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The AI Training We Really Need

We ALL need AI training. Not the training that tells you how to program or use AI. No, we need the training that helps us distinguish AI-created content from human-created content. No matter what it is — news, images, music, art, articles, etc. — wouldn’t you like to know who is serving you the images and videos you consume daily? To learn more about distinguishing AI and human content, I first went to Google and found a great article on the Tidio blog. Tidio sells chatbots and other AI tools, making them well-schooled in artificial intelligence. They created an AI-test to see how well we humans could identify AI text and images. A few unfortunate data points emerged from their study:

  1. We’re better at identifying AI-created cats than humans.
  2. AI images created in 2018 were mistaken for real by only 35.7% of those tested, but the images generated in 2021 fooled 68.3% of us.

In other words, as predicted, AI is getting better and better, making us more and more prone to mistaking AI content for real.

Distinguishing Human from AI Content

Ironically, when exploring AI Training, I asked ChatGPT for some tips on differentiating AI and real content. I learned to look for:

  1. Unusual or inconsistent behavior: AI-generated content may exhibit patterns or behaviors that seem slightly off or inconsistent. This could be due to the limitations or biases in the training data or the specific AI model used.
  2. Rapid response or superhuman output: AI models can generate an extensive amount of content at an incredibly fast pace. If you notice an immediate, high-volume response, it could be an indication of AI involvement.
  3. Lack of emotional or personal context: AI-generated content often lacks personal experiences, emotions, or subjective perspectives. While it can mimic human-like responses, it may struggle to provide specific details or real-life anecdotes.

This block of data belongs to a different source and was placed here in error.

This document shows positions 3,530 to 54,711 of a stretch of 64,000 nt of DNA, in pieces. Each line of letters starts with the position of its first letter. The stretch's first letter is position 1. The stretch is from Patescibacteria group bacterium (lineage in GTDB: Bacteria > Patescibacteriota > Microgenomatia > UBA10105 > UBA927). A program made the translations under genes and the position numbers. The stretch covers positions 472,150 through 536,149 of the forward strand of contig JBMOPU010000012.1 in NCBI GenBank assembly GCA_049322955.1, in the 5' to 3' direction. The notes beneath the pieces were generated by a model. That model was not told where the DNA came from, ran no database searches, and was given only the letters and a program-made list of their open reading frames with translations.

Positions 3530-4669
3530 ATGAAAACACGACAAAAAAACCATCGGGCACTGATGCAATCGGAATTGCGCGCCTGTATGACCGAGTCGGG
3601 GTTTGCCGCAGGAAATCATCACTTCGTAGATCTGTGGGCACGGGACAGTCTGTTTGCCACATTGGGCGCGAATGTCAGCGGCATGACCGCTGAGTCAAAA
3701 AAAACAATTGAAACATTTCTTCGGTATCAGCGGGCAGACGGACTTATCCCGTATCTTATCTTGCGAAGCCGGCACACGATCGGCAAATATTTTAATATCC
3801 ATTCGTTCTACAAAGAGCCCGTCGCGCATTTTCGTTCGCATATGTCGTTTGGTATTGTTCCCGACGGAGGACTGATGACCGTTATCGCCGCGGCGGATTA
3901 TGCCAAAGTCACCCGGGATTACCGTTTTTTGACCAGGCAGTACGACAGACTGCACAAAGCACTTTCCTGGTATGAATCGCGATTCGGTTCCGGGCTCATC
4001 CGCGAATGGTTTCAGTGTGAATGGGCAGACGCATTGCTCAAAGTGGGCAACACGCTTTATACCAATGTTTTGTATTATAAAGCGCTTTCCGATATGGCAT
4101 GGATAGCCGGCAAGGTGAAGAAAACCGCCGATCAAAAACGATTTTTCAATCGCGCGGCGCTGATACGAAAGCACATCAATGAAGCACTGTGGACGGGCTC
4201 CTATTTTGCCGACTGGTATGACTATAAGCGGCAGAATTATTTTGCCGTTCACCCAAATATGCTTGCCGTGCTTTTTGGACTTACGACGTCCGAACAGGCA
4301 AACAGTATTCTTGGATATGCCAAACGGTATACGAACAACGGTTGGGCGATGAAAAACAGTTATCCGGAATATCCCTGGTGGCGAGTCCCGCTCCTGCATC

4. Specific language cues: Some AI models, like GPT-3.5, offer disclaimers or identify themselves as AI. Some content will explicitly state, “generated by an AI system.” That’s a clear giveaway. However, not all AI-generated content includes such disclaimers.
  5. Contextual inconsistencies: AI models may struggle to maintain coherence when engaging in extended conversations or handling complex topic transitions. If you observe abrupt changes in subject matter or inconsistency in the narrative, it might indicate AI involvement.
  6. Uncommon errors or lack of common knowledge: AI-generated content can sometimes make unusual errors or provide incorrect information that a human would likely know. AI also struggles with current events, particularly outdated training data.

The copy is pretty good, right? Still, for me, looking at an image to determine its reality is like playing those spot-the-differences photo games in magazines, where you see a photo that’s been altered and you have to find the 10 changes. Some of those are really hard… and it’s a game you decide to play. The trouble with AI is that you don’t know you’re playing a game. Unfortunately, as visual mammals, we consume so many images and messages every day that we typically breeze through them quickly, not looking for inconsistencies or awkward syntax in writing. We’re bound to be duped!

AI Training to Help Trainers Make Best Use of AI

  • Use ChatGPT for ideas, not truths – If you’re using an AI website, put your search results through your own accuracy filter. Even then, be wary: so many articles written in the past regurgitate ideas and information that may or may not be well-researched or correct.